The Atmospheric Boundary Layer and the Initiation of the MJO

Richard H. Johnson aColorado State University, Fort Collins, Colorado

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Simon P. de Szoeke bOregon State University, Corvallis, Oregon

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Paul E. Ciesielski aColorado State University, Fort Collins, Colorado

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W. Alan Brewer cNOAA Chemical Sciences Laboratory, Boulder, Colorado

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Abstract

The Indian Ocean is a frequent site for the initiation of the Madden–Julian oscillation (MJO). The evolution of convection during MJO initiation is intimately linked to the subcloud atmospheric mixed layer (ML). Much of the air entering developing cumulus clouds passes through the cloud base; hence, the properties of the ML are critical in determining the nature of cloud development. The properties and depth of the ML are influenced by horizontal advection, precipitation-driven cold pools, and vertical motion. To address ML behavior during the initiation of the MJO, data from the 2011/12 Dynamics of the MJO Experiment (DYNAMO) are utilized. Observations from the research vessel Revelle are used to document the ML and its modification during the time leading up to the onset phase of the October MJO. The mixed layer depth increased from ∼500 to ∼700 m during the 1–12 October suppressed period, allowing a greater proportion of boundary layer thermals to reach the lifting condensation level and hence promote cloud growth. The ML heat budget defines an equilibrium mixed layer depth that accurately diagnoses the mixed layer depth over the DYNAMO convectively suppressed period, provided that horizontal advection is included. The advection at the Revelle is significantly influenced by low-level convective outflows from the southern ITCZ. The findings also demonstrate a connection between cirrus clouds and their remote impact on ML depth and convective development through a reduction in the ML radiative cooling rate. The emergent behavior of the equilibrium mixed layer has implications for simulating the MJO with models with parameterized cloud and turbulent-scale motions.

© 2023 American Meteorological Society. This published article is licensed under the terms of the default AMS reuse license. For information regarding reuse of this content and general copyright information, consult the AMS Copyright Policy (www.ametsoc.org/PUBSReuseLicenses).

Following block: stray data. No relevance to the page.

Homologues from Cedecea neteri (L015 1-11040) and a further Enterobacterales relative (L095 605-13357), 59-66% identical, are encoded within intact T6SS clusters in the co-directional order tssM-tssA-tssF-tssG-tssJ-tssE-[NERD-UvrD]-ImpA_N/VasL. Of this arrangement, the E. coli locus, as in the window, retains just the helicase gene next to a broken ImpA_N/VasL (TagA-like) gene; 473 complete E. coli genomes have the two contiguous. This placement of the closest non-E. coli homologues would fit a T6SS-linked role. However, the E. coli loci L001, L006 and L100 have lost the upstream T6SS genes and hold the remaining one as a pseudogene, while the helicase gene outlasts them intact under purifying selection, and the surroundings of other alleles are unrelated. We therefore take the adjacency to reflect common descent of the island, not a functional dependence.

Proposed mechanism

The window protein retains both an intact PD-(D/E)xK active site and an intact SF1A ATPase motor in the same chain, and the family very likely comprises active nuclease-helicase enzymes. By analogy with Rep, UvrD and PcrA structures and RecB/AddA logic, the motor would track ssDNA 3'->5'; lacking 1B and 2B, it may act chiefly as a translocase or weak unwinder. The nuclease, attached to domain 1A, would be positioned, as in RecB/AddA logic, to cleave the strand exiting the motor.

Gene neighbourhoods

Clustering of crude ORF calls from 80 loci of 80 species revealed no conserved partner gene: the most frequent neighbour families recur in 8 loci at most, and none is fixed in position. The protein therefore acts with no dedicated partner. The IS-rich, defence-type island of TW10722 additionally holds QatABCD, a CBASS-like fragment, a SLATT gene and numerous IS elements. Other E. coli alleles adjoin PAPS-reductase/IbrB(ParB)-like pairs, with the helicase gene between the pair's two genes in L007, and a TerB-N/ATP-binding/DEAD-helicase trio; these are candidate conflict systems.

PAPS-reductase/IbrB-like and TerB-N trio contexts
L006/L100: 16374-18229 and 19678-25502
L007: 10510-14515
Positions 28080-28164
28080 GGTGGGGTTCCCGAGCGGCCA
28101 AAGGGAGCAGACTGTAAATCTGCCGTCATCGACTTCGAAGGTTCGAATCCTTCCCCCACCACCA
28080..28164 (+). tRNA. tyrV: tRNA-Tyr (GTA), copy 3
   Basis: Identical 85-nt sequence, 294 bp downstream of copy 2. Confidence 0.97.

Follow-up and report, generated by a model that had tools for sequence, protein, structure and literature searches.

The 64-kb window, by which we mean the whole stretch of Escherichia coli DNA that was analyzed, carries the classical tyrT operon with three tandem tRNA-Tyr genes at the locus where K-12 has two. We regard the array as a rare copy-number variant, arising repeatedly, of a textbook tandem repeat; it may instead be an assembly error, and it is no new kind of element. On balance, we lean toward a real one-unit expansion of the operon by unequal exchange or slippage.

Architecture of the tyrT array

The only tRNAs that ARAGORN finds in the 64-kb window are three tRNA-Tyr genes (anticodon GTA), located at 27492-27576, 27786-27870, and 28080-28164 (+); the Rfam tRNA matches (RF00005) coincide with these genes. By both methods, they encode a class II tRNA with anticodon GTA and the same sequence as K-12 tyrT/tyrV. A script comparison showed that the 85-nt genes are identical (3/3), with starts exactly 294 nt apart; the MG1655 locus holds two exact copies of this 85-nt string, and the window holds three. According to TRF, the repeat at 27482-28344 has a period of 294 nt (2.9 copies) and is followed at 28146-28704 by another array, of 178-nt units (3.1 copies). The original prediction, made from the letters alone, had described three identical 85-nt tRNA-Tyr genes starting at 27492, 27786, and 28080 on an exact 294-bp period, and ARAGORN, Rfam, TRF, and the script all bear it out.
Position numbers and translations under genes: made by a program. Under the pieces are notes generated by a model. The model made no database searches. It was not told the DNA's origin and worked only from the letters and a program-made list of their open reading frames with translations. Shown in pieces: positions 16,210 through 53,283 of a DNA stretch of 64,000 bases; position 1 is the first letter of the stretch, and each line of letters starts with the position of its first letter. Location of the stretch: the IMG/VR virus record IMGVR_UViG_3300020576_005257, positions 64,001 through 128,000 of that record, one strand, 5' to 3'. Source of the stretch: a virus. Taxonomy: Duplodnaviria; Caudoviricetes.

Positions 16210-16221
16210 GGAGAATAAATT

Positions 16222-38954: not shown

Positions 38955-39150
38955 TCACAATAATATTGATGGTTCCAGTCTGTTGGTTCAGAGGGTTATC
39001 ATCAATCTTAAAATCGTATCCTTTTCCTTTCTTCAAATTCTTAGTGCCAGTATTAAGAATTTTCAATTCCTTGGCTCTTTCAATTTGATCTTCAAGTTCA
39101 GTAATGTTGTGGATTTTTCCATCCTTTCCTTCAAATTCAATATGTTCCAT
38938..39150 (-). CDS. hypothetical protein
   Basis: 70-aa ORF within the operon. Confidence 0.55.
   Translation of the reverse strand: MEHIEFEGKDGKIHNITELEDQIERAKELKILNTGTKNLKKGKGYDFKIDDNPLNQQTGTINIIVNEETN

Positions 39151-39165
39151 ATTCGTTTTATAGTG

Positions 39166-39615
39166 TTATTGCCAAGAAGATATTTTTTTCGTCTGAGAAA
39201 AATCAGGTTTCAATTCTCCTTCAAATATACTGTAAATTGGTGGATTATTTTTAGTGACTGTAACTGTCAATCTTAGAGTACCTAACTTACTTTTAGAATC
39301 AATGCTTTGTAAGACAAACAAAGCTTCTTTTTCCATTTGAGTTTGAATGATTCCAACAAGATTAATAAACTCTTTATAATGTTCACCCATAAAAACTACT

This article is included in the DYNAMO/CINDY/AMIE/LASP: Processes, Dynamics, and Prediction of MJO Initiation Special Collection.

Corresponding author: Richard H. Johnson, Richard.H.Johnson@colostate.edu

Abstract

The Indian Ocean is a frequent site for the initiation of the Madden–Julian oscillation (MJO). The evolution of convection during MJO initiation is intimately linked to the subcloud atmospheric mixed layer (ML). Much of the air entering developing cumulus clouds passes through the cloud base; hence, the properties of the ML are critical in determining the nature of cloud development. The properties and depth of the ML are influenced by horizontal advection, precipitation-driven cold pools, and vertical motion. To address ML behavior during the initiation of the MJO, data from the 2011/12 Dynamics of the MJO Experiment (DYNAMO) are utilized. Observations from the research vessel Revelle are used to document the ML and its modification during the time leading up to the onset phase of the October MJO. The mixed layer depth increased from ∼500 to ∼700 m during the 1–12 October suppressed period, allowing a greater proportion of boundary layer thermals to reach the lifting condensation level and hence promote cloud growth. The ML heat budget defines an equilibrium mixed layer depth that accurately diagnoses the mixed layer depth over the DYNAMO convectively suppressed period, provided that horizontal advection is included. The advection at the Revelle is significantly influenced by low-level convective outflows from the southern ITCZ. The findings also demonstrate a connection between cirrus clouds and their remote impact on ML depth and convective development through a reduction in the ML radiative cooling rate. The emergent behavior of the equilibrium mixed layer has implications for simulating the MJO with models with parameterized cloud and turbulent-scale motions.

© 2023 American Meteorological Society. This published article is licensed under the terms of the default AMS reuse license. For information regarding reuse of this content and general copyright information, consult the AMS Copyright Policy (www.ametsoc.org/PUBSReuseLicenses).

This article is included in the DYNAMO/CINDY/AMIE/LASP: Processes, Dynamics, and Prediction of MJO Initiation Special Collection.

Corresponding author: Richard H. Johnson, Richard.H.Johnson@colostate.edu
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